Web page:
Excel is for the Birds! Nested IF Formulas


Use a GPS lately?  Common as it is, it's actually a technological miracle made possible by tons and tons of IF statements.  "If he turns off the route, recalculate..."  "If she slows down, reassess the arrival time..." And on and on!

Somewhat similar is Excel's ability to handle what are called nested IF statements.

Let's say we had three letters of the alphabet--A, B, and C--and we needed to determine the extent to which they were in order.  One in order?  Two?  All three?

In English, we might say it like this:

"If A is in the first position, then look at the second position.  If B is in the second position, then look in the third position.  If C is in the third position, then return the phrase 'IN ORDER.'"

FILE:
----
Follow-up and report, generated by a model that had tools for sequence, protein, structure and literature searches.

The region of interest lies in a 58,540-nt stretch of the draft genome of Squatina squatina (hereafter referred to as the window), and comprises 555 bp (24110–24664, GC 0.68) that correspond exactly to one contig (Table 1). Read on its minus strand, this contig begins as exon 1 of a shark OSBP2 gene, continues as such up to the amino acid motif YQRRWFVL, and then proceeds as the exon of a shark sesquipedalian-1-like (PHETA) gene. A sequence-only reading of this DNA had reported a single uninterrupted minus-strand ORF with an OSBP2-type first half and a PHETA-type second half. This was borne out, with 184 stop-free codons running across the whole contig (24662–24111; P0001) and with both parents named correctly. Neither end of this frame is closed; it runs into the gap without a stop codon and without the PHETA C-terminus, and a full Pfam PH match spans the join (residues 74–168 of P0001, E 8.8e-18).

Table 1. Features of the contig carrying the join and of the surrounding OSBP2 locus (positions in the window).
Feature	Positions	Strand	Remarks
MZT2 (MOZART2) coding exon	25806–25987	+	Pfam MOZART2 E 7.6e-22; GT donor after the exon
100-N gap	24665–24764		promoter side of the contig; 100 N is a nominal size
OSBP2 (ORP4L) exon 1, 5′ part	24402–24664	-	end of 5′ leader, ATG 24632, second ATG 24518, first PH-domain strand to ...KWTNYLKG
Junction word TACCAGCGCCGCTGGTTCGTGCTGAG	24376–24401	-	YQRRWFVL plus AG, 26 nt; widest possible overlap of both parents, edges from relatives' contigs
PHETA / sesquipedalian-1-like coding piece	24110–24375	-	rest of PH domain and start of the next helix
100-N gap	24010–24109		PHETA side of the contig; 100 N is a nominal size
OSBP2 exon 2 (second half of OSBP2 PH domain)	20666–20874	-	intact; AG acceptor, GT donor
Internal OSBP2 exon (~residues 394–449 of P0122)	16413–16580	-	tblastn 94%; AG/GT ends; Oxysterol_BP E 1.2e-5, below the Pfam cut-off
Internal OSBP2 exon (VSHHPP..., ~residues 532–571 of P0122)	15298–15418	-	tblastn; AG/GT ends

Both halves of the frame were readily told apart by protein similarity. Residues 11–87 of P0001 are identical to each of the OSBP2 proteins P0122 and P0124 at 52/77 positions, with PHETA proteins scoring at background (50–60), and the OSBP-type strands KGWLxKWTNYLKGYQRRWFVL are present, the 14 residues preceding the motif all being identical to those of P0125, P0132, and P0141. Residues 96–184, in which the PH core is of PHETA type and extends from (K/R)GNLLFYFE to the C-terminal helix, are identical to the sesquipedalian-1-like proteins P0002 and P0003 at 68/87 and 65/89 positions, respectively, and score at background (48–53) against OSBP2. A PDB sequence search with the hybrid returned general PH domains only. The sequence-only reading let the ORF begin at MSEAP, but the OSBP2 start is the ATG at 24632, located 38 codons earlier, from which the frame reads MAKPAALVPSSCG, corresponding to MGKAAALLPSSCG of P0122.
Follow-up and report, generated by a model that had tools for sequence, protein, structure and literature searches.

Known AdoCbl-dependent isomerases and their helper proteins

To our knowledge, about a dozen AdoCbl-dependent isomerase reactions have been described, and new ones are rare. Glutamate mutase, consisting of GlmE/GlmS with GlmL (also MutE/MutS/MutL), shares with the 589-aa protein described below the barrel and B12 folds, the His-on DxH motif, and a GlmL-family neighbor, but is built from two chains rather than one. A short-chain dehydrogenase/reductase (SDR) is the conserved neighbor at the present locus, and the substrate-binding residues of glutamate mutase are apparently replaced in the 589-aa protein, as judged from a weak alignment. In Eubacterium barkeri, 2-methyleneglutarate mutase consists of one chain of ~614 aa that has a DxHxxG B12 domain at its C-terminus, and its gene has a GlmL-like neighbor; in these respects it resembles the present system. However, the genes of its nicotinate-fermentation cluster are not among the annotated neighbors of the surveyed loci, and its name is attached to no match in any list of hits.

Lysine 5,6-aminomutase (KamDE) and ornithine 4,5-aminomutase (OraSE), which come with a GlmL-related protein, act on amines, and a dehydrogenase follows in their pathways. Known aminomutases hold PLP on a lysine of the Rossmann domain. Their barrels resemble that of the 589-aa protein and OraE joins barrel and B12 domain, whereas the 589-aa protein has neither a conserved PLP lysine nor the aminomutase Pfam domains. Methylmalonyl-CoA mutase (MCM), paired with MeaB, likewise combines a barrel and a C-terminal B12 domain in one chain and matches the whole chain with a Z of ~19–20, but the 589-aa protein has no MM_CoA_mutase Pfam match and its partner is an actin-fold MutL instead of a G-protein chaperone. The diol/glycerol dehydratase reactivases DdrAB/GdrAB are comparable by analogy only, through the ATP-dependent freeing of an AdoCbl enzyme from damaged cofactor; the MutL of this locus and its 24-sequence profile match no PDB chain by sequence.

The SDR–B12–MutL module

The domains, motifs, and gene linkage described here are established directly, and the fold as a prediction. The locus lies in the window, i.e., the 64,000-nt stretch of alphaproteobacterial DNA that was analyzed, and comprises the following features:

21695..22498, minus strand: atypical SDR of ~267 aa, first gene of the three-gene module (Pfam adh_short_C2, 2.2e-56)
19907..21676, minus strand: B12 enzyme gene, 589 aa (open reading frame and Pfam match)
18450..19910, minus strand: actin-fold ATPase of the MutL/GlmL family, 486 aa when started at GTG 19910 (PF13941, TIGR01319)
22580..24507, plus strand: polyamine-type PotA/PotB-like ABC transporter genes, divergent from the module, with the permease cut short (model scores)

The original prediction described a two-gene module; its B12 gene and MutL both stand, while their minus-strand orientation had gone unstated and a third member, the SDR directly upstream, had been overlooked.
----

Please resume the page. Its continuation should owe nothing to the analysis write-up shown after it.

If any of these conditions fail along the way, we can return a text string accordingly.

So here we go!  First we have our strings.

We use a MID formula to break out the first, second, and third character.

Then we use our nested IF formulas, one inside of the other.  Rather than "nesting," some prefer to see them as links in a chain or branches of a decision tree.  Whatever works for you!

Need additional help with IF, nested IFs, MID, or other Excel elements?  Reach out today via live chat, email, or phone and we'll get you fixed up in minutes!